I stayed at the incredible Jane Hotel on the Lower West Side; the hotel was once a boarding house for sailors and actually housed the surviving sailors of the Titanic. All the rooms are like ship’s cabins and the bar is incredible! It’s a much cheaper and far more interesting option for a hotel in New York, so check it out if you ever visit the city.

During the week I did lots more walking around, seeing the city and catching up with friends. I spent a couple of hours with the wonderful Damon Suede, chatting about this year’s RT and planning next year, though the conversation did drift into our shared history and love of theatre!

I’ve been fortunate enough to do a lot of travelling over the past few years, much of it the result of being a writer. Last year I visited Orlando (for the Dreamspinner Press workshop weekend), Munich for Euro Pride Con, and Morocco with my sister. This year I’ve already been to Paris, my three weeks in the US, and I’ll be going back to Edinburgh this summer like I always do.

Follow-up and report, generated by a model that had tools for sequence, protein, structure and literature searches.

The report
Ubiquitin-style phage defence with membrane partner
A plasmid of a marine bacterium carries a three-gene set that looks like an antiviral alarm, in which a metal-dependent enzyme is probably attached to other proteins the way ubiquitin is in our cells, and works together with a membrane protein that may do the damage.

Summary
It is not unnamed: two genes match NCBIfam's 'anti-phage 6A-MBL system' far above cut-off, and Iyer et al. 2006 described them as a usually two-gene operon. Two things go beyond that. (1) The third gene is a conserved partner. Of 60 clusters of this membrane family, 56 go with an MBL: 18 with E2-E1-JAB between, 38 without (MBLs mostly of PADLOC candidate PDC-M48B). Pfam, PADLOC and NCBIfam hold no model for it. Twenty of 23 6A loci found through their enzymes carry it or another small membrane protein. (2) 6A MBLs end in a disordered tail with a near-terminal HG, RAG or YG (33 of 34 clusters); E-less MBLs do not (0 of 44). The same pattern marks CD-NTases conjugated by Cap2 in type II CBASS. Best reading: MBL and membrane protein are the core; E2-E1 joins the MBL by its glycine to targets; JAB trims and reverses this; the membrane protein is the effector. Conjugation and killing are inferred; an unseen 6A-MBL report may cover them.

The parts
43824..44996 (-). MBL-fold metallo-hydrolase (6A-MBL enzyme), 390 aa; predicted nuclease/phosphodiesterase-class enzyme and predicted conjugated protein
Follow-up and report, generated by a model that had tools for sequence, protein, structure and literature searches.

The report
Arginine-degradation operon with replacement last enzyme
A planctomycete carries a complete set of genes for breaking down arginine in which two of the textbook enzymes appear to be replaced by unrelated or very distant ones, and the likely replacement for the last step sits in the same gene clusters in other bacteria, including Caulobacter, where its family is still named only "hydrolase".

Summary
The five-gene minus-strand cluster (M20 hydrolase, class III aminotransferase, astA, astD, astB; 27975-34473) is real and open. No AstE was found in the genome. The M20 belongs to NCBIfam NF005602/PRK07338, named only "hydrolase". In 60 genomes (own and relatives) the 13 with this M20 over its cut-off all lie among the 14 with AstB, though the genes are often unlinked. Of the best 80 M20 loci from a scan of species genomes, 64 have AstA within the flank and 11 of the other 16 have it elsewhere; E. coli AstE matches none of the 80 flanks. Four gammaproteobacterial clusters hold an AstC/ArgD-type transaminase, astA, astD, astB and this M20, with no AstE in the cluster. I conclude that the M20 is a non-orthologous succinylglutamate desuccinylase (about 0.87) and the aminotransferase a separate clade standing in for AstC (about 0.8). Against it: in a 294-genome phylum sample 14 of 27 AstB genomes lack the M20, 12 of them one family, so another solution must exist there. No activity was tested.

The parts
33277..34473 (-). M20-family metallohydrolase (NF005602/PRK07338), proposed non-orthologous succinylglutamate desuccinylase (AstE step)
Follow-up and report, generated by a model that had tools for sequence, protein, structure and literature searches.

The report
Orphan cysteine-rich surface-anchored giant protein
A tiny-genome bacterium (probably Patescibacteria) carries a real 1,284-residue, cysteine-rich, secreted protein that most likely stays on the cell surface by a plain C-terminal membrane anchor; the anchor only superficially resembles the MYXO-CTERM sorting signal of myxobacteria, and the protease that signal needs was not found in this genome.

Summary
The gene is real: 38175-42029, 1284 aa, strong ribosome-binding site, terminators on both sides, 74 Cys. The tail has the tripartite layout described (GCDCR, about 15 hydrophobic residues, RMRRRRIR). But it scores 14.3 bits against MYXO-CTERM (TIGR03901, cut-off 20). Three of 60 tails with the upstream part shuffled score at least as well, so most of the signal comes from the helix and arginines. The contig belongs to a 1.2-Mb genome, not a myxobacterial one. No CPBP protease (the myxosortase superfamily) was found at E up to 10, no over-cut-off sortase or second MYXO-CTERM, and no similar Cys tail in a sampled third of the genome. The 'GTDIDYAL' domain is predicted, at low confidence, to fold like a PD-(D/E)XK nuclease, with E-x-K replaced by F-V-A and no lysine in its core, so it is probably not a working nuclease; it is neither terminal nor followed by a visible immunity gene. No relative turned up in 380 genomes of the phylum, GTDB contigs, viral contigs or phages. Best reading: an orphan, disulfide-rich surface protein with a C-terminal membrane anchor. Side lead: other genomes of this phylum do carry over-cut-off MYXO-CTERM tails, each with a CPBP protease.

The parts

I really love being able to explore new places—in particular I’m drawn to cities. I love finding the little hidden gems down side streets, or restaurants that look incredibly dodgy on the outside but have the best food you’ve ever tasted.

So let’s make this one interactive—tell me your favourite place you’ve ever travelled to, and somewhere you’re desperate to see one day. I might add some more places to my bucket list!